The identifying a subset may include determining a boundary of the asymmetric subset based on a template indicative of an interferometer response. For example, the template may be indicative of an object-height independent interferometer response. The determining a boundary may includes comparing the template and the low coherence interference signal.

The identifying a subset may include cross-correlating a template indicative of an interferometer response and the low coherence interference signal. The cross-correlating may include normalizing based on a shape of the low coherence interference signal.

The determining a spatial property of each of at least some of the points may include determining the spatial property based on the corresponding low coherence interference signal and a template indicative of an interferometer response. The determining a spatial property of each of at least some of the points may further include comparing the corresponding low coherence interference signal and the template. The comparing may include determining a location of best match between the corresponding low coherence interference signal and the template. For example, the comparing may include cross-correlating the template and the overlapping interference patterns. The cross-correlating may include normalizing based on a shape of the corresponding low coherence interference signal.

The template may be asymmetric. For example, template may have a shape of a truncated interference pattern. The method may further include generating the template by obtaining a reference low coherence interference signal from each of a plurality of points of a reference object, wherein the template includes contributions derived from each of the reference low coherence interference signals.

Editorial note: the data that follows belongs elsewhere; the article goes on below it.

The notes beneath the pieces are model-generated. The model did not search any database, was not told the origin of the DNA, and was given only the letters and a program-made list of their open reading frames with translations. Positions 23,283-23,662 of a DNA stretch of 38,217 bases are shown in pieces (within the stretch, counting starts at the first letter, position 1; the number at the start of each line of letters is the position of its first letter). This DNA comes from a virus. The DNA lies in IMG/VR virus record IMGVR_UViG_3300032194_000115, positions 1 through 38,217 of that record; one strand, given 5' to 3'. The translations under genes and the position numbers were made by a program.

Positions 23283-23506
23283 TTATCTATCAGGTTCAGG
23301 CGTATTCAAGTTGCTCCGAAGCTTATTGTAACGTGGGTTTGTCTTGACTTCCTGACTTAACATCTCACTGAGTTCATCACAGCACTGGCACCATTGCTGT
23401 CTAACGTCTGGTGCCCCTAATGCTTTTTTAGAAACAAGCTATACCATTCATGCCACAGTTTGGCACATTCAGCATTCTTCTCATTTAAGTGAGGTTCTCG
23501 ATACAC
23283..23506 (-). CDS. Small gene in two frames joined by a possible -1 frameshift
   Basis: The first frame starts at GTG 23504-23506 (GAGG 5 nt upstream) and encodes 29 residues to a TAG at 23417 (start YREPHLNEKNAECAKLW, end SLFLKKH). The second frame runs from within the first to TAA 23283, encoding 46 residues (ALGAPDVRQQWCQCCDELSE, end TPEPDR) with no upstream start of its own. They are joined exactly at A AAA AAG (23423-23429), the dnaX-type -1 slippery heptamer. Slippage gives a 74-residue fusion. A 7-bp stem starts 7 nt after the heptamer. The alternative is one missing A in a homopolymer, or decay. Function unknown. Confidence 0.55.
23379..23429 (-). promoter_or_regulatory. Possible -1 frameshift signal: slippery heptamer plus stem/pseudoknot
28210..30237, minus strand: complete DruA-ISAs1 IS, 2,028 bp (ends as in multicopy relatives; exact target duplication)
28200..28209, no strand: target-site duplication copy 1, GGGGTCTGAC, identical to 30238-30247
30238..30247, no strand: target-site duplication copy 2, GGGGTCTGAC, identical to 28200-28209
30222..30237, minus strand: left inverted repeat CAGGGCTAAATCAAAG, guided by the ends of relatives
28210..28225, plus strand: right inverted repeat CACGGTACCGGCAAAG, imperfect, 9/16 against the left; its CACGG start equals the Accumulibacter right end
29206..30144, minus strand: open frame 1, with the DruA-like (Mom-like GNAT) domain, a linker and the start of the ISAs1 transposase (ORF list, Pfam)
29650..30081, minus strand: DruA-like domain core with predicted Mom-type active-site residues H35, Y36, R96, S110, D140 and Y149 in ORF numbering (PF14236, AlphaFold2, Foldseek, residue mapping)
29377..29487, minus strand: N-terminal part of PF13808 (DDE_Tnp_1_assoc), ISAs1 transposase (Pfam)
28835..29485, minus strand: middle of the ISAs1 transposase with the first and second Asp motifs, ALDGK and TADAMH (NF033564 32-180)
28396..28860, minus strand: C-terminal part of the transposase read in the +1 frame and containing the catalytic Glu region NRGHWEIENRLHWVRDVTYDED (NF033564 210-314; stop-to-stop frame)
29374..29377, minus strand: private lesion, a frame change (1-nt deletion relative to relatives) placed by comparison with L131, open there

For example, each reference low coherence interference signal may include object-height dependent properties indicative of a height of the corresponding object point, and preparing the template may include removing object-height dependent properties from the reference low coherence interference signals. The reference low coherence interference signals may include a non-overlapping interference pattern.

In another aspect, the invention features an apparatus, including: (i) an optical system configured to obtain a low coherence interference signal from an object, the object having a plurality of interfaces, wherein the low coherence interference signal includes at least first and second overlapping interference patterns resulting from at least first and second interfaces of the object; and (ii) a processor configured to determine a spatial property of at least one of the first and second interfaces based on an asymmetric subset of the first and second overlapping interference patterns.

Embodiments of the apparatus may include any of the following features.

The processor may further configured to determine a portion of the low coherence interference signal including greater contributions from one of the first and second interference patterns as opposed to the other of the interference patterns, and select the subset of data from the portion of the low coherence interference signal.

The first interface may be an outer surface of the object and the first interference pattern results from the first interface, and the processor may be further configured to determine a spatial property of the first interface.

The optical system may be configured to obtain a plurality of low coherence interference signals from the object, each low coherence interference signal including respective first and second overlapping interference patterns resulting from different points of the first and second interfaces, and wherein the processor may be further configured to determine a spatial property of a plurality of points of the first interface based on respective asymmetric subsets of the plurality of low coherence interference signals.